Inguinal Hernias are the most common type of abdominal hernia seen by hernia surgeons. They are located in the groin area and are more common in men. As with all hernias, surgical repair or hernia surgery is required to fix inguinal hernias since they don’t go away on their own.
Many patients ask “what is an inguinal hernia?” or “how does an inguinal hernia form?”. We hope that by reading the information below, that patients can understand more about inguinal hernias.
The Basics Of An Inguinal Hernia:Inguinal hernias, also known as groin hernias, are when the intestines or fat push through the muscles into the inguinal canal. This is the layer of muscles in the groin which houses the spermatic cord in men, or the round ligament in women. The hernia can be directly through the muscle (direct inguinal hernia) or the hernia can follow the round ligament or spermatic cord through it’s indirect path as they exit the abdomen (indirect inguinal hernia).
Up to 75% of abdominal hernias are inguinal hernias. They can be found in men and women, but more commonly in men due to the fact that men have a larger opening in the abdominal wall because of the spermatic cord. Inguinal hernias often develop as small bulge that enlarges over time. The bulge may disappear while lying down and return with activity.
Symptoms Of An Inguinal Hernia:Like most other hernias, pain in the groin is one of the most common symptoms. Also, due to the fat and intestines pushing through the hernia, a bulge can often form under the skin. This bulge can get bigger and smaller depending on what is in the hernia.
Over time, if the hernia gets large enough, the intestine can get permanently trapped, which can lead to damage to the intestine, as well as other symptoms like nausea, vomiting, and constipation.
Read more about symptoms HERE.
How Are Inguinal Hernias Repaired?Since no hernia can heal on its own, surgical repair is required. Options for hernia repair include open surgery, and laparoscopic surgery. Both options are well studied and have excellent outcomes. No one option is right for all patients which is why we feel it is important to offer BOTH to patients. Learn more on our ‘Compare Open and Laparoscopic Surgery‘ page.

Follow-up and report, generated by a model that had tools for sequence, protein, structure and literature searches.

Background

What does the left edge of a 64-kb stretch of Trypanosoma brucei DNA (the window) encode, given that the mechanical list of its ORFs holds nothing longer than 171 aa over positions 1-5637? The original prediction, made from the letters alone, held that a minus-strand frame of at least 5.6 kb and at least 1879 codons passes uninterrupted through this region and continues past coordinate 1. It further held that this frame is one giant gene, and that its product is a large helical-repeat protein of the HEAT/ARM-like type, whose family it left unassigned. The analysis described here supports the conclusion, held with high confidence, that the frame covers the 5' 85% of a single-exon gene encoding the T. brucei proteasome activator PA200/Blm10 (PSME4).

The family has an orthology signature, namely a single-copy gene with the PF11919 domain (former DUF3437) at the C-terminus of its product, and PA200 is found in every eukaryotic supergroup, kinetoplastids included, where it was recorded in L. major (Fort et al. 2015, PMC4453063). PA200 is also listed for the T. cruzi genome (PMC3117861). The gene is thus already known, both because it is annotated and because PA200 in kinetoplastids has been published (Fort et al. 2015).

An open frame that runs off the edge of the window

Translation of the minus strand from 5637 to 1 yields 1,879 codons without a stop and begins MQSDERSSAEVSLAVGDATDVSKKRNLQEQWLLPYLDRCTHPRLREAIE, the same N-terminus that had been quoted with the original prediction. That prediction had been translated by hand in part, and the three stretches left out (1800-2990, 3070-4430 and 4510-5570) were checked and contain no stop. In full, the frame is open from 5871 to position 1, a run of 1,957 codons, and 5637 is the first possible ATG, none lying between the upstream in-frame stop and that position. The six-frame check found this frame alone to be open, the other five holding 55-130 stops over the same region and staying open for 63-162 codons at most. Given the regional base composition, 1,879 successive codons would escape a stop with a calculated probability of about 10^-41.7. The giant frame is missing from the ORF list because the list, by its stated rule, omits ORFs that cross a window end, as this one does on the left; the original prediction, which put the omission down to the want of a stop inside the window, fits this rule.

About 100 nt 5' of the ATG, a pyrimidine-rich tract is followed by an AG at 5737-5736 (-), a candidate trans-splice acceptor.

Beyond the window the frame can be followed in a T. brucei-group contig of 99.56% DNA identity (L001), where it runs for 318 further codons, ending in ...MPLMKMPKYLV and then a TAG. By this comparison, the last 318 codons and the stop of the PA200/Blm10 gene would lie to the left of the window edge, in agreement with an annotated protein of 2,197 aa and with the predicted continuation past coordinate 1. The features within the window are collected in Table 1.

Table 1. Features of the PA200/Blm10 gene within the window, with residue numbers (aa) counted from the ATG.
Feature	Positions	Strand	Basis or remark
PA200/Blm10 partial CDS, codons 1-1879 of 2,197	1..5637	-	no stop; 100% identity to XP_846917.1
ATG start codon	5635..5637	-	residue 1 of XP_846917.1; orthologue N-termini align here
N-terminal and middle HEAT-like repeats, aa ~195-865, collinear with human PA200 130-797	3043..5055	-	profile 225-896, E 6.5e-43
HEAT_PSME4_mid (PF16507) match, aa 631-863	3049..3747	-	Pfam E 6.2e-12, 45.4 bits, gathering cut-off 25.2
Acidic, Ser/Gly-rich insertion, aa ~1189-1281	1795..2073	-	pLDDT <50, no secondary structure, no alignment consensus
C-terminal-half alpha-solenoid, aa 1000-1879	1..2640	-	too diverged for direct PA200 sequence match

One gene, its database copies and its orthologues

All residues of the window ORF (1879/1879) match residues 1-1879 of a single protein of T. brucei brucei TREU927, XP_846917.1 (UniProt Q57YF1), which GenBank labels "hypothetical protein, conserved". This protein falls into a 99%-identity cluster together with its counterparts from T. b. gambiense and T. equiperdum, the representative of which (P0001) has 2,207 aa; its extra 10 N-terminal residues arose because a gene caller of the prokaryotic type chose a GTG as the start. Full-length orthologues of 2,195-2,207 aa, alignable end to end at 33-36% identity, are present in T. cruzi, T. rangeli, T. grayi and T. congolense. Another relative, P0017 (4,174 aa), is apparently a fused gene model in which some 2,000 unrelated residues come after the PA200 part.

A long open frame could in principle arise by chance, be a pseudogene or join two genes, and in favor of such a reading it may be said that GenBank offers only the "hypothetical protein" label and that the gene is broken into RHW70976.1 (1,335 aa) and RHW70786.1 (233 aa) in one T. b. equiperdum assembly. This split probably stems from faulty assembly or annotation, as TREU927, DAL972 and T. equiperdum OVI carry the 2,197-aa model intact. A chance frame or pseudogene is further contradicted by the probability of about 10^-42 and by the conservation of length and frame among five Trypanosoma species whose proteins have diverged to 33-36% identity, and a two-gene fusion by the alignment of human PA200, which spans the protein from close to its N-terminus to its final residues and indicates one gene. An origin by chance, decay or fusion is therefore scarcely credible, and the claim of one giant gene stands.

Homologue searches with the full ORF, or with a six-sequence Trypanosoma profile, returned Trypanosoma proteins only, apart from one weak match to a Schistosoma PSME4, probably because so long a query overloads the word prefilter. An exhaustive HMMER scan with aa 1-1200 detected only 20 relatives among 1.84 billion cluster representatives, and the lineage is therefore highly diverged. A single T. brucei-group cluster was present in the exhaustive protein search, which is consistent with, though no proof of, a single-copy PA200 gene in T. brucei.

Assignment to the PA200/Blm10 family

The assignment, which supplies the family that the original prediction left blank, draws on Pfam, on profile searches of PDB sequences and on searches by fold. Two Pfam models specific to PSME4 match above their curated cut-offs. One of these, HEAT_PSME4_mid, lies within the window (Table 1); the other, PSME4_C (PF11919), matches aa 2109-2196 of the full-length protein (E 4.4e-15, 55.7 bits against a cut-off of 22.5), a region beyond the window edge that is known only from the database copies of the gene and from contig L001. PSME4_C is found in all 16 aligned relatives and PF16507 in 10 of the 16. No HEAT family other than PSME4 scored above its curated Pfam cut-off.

A laparoscopic inguinal hernia requires a 1-2cm incision at the belly button, and two smaller punctures below the umbilicus. The belly button incision allows the camera to view the inside of the abdomen and the two smaller punctures are for the operating instruments.
Inguinal hernias are caused by a hole in the muscle of the groin. This hole can either be lateral to the blood vessels (indirect inguinal hernia), or towards the middle from the blood vessels (direct inguinal hernia). Regardless, in open surgery, the muscle layers over the weakened muscle are opened. The hole (or holes) in the muscle are found. A dual sided mesh is used to reinforce the hernia defect and the muscle around the hole.
The dual mesh allows one layer (with the blue circles) to be placed under the muscle, while the other top layer is placed over the damaged muscle. With this type of repair, the weakened muscles are treated from both the inside AND the outside of the hole. This cannot be done in laparoscopic surgery since only an inner layer mesh can be used.
Laparoscopic Inguinal Hernia RepairThis patient had a noticeable bulge in the left groin. He opted for laparoscopic surgery for treatment. The balloon spacemaker (see above) is placed under the muscle but over the intestines. When the balloon is removed, the hole in the muscle is found. A lightweight mesh is placed over the defect to repair the hernia.
Inguinal Hernia Repair Videos
Open Inguinal Hernia RepairDr. Todd S. Harris narrates an open inguinal hernia repair surgery done at California Hernia Specialists’ hernia center.
Laparoscopic Inguinal Hernia RepairDr. Todd S. Harris narrates a laparoscopic inguinal hernia repair surgery done at California Hernia Specialists’ hernia center.
Large Chronic Inguinal Hernias
The vast majority of inguinal hernias that we operate on are small, often the size of a golf ball, or sometimes not even visible under the skin. However, some patients choose to wait to have their hernia repaired until it becomes a major source of pain and negatively impacts their activities of daily living.
In my blog, I shared an article on Giant Inguinal Hernias so I wanted to follow up on that topic with actual cases that we have seen in our office. At California Hernia Specialists, we frequently see patients with complicated inguinal hernias who refer themselves to our center since we specialize in these types of repairs. Although these patients did great after surgery and they are back to normal activities today, I wouldn’t wait as long as they did to have your hernia fixed!
See more pictures of large, long-standing, groin hernias which extended into the scrotum by clicking here.
Patients often ask me if or when they should have their hernia repaired. There is no simple answer except there are a few basic rules of thumb as to when to have surgery for your hernia:
- if the hernia begins to limit your activities
- if the hernia is getting larger over time
- if you are having difficulty reducing the hernia back into your abdomen
6 months post surgery
3 months post surgery
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Read more about other complex cases on our ‘Recent Unique Cases‘ page.